December 04, 2006

ScubaSteve's Third Scribe Post

This just in! Mr.K recently informed that the Flickr assignment has been extended! Memo hurrahs around. So for those who are thinking about flying under the radar, get camera happy! Plus, the favorite number picture will still be allowed for uploading. Aside from the pc40sf06 tag, the favorite number should also be tagged with a 'interesting' and the recent trig assignment be tagged with a 'trigonometry' tag =). Enjoy.

This is ScubaSteve reporting for the third time. I know so far i've topped my post with the previous one, and hopefully you guys are not expecting me to top this one ;_;. The last one was a big one, so many pictures almost jepordized my scribe post (it was spacing out around the end, good thing i finished before it dragged on). Now, today was a double class. We were introduced to Conic Sections, a new unit that i seemed to be already confused about. Its not that i dont understand it, its just tough to re-write in my own words or explain it, so bare with me ^.^; I promise if i scribe again, i'll make up for this post if this is unsatisfactory ;]. Without further adieu, read on my cyber-math classmates.

The first class was an introduction. We learned how to find the eq'n by looking at the graph. Lets look at a basic one first.

Given what is drawn here the formula to find an eq'n of a graph is: (PF=PD) (root->),(x-h)^2+[y-(k-p)]^2 = ,(x-x)^2+[y-(k-p)]^2. First we properly expand the monster that is [y-(k-p)]^2 which ends up being:

(y-k-p)(y-k-p) => y^2-yp-yk+k^2+kp-yp+kp+p2 => y2-2yk-2yp+2kp+k^2+p^2 (its ugly i know but we'll have to bare with it) So putting it back into the original eq'n we'll have...

(x-h)^2+y^2+k^2+p^2-2yk-2yp+2kp=y^2+k^2+p^2-2yk-2yp+2kp => (x-h)^2=4yp-4kp => (x-h)^2=4p(y-k)

This graphs eq'n is (x+2)^2 = 8(y-3)

Could you recognize simularities in the eq'n that is familiarly applied to the graph? Vertex?

The p is the distance between the Focus (F) to the vertex. It is equal to the distance between the vertex and the Directrix (D)

P can be found by 4p=(coefficient), in this case it's 8, therefore 2

Back in grade 11 we learned the eq'n of a parabola was y=a(x-h)^2+b. Although this gets the job done back then, it does not provide us sufficient information when it comes to Conic Sections. y=a(x-h)^2+b can be expressed as the formula we use now, just to prove it is legitament.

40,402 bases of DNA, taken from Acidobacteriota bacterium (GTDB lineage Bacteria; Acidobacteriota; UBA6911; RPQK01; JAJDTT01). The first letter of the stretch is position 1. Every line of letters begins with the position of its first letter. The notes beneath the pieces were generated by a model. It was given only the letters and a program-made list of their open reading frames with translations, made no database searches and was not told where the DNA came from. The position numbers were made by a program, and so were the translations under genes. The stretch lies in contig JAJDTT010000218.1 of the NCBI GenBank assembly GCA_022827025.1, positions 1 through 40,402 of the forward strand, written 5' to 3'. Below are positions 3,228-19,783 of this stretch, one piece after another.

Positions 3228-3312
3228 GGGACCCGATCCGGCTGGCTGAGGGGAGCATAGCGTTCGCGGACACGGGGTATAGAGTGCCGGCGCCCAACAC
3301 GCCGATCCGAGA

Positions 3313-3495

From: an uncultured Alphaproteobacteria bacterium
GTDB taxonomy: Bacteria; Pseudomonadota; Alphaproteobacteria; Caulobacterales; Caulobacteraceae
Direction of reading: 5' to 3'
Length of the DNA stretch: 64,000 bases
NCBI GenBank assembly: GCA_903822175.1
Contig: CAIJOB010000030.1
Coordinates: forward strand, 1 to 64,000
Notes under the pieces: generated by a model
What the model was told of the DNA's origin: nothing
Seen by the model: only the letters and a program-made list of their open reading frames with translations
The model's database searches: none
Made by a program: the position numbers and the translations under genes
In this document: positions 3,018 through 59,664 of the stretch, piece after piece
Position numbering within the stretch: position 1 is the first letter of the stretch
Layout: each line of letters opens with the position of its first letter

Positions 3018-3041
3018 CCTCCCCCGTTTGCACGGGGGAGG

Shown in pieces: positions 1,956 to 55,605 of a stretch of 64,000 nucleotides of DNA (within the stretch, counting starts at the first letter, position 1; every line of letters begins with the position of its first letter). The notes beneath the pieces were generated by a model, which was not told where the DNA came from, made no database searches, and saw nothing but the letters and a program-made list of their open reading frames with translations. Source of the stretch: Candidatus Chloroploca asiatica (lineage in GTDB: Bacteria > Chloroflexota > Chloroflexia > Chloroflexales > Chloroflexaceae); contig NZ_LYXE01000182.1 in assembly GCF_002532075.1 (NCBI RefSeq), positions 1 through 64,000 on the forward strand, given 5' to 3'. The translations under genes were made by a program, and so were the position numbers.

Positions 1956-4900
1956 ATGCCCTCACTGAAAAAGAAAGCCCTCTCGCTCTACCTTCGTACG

That ended the first period. When we came back, we had a couple of questions on the board. These questions were incomplete squares with eq'ns that were un-usuable. We had to retrace our steps back a year to balance out the eq'n before we could find any information on them.

y^2+8x-6y+1=0 find... (work in red text to find the solutions to answers)

(y is the one ^2'd so it opens sideways) (if x was ^2'd it would open up or down)


Focus;(-1,3) (vertex's x value -2) <-2=p (4p is negitive, therefore it opens left, parabola is around focus)

Eq'n Of Directrix;x=3, (vertex's x +2) <-2=p (4p is negitive, therefore it opens left, parabola opens away from directrix)

Eq'n of Axis of Sym;y=2 (axis of sym = vertex's y value if open sideways, x value if up or down)

Domain;(-oo, 1] (4p is negitive, therefore it opens left)

Range;(-oo, oo)





4p=-8, p=-2

The rest of the class consisted of a math dictionary insert, enjoy!


Conic Sections

The word 'conic' means 'cone-like'. Four different types of cruves are generated by taking cross sections of a double napped cone. They are: i)Circles, ii)Ellipses, iii)Parabolas, iv)Hyperbolas

Locus: Set of points that follow a certain rules

Focus: A fixed point (or points) that determines a locus

Directrix: A fixed line that determines a Locus

Parabola: A locus of points that are equidistant from a fixed point (focus) and a fixed line (directrix)

The Anatomy of a Parabola




eq'n of Directrix y=k-p

Eq'n of axis of sym: x=h

note: p


vertex (h,k)

focus (h,k+p)

eq'n of Directrix: x=k-p

eq'n of axis of sym: y=k

note: p

That ends it for today's scribe post~. It's really late now, i should wrap it up. Homework is Excercise the next =o, i believe it's called 'Parabola'. Serious of not, Mr.k said test was on friday, so learn hard this week! ScubaSteve out.

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